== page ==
Journal of Political Risk, Vol. 7, No. 5, May 2019
By Laurent Chamontin
A confusing traffic light system with multiple signal heads. Getty
The 2010s are characterized by an exceptional amount of political volatility (e.g., Brexit, and Donald Trump’s election). This volatility resulted from an unprecedented level of complexity, whether at the level of individuals, nations, or the world, generating outbursts of populism, loss of long-term orientation, dysfunctional newspeak, and decay of international institutions. To overcome this challenge, democracies must rethink their education policies and promote a redesign of multilateral institutions to better coexist with the nation state.
If the purpose of politics is to provide mankind with the consideration of perspectives for the purpose of organization, then indeed we are experiencing a world-scale political crisis. Any nostalgia for supposedly more stable eras put aside, political volatility has increased to a level unprecedented since the collapse of the Soviet Union. Continue reading →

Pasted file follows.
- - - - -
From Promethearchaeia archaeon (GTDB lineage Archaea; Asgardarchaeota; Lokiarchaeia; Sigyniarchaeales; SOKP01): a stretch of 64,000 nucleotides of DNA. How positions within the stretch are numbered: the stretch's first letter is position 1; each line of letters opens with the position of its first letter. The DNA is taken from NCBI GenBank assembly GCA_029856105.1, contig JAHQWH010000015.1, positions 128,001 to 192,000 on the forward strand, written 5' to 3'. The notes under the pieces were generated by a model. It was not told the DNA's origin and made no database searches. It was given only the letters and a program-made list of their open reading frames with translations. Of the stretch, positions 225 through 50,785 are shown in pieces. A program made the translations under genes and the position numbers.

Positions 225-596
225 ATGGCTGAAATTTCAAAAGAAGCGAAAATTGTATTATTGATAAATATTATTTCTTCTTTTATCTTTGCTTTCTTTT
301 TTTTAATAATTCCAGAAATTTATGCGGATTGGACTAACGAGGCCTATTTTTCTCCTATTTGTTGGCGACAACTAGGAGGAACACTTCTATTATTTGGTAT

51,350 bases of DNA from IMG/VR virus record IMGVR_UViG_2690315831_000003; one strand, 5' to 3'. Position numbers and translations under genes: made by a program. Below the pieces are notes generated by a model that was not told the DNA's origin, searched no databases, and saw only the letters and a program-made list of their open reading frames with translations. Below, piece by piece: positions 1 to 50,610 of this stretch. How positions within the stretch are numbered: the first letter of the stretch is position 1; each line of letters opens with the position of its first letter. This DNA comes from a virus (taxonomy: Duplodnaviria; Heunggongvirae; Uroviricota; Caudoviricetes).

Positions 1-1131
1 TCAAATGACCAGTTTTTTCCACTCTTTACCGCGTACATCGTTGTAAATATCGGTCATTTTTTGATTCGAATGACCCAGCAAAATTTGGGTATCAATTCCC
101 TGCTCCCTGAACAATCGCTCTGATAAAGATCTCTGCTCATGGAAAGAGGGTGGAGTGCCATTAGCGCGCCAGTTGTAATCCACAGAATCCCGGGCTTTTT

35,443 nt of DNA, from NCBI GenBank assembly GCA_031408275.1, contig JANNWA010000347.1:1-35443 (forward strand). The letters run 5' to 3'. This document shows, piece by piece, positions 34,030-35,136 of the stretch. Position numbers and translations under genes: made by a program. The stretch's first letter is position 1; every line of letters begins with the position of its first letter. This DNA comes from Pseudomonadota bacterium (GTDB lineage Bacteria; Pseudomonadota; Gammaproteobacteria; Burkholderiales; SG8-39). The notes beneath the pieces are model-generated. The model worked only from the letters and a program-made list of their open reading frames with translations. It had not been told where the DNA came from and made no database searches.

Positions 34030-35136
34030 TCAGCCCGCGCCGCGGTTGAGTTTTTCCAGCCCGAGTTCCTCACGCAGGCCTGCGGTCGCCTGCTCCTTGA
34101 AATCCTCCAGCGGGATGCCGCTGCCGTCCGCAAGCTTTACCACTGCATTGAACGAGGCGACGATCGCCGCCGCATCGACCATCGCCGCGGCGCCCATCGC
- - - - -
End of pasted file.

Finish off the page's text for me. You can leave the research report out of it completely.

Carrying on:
Journal of Political Risk, Vol. 7, No. 2, February 2019
By Heath Hansen
I looked up into
the big, blue sky. Far in the distance, I spotted a C-130 Hercules headed
towards the open grass field I waited upon. For a few moments, I watched as the
plane continued in my direction; suddenly, from the tail-end of the aircraft,
paratroopers jumped out into the open air. The parachutes expanded sideways as
they became caught in the wind and fully inflated, pulling the soldiers swiftly
with them. Dozens of troops poured out of the fuselage and descended to the
ground. I saw the first jumper hit the grass and quickly sprinted to him.
“Dad?” I asked. “No kid, your dad is still coming down; we put a white band on his helmet so you could recognize him.” Looking up, he extended his arm and pointed to a spot about 200 feet in the air at a fast descending grunt with white sports tape lining the outside of his helmet. “There he is.”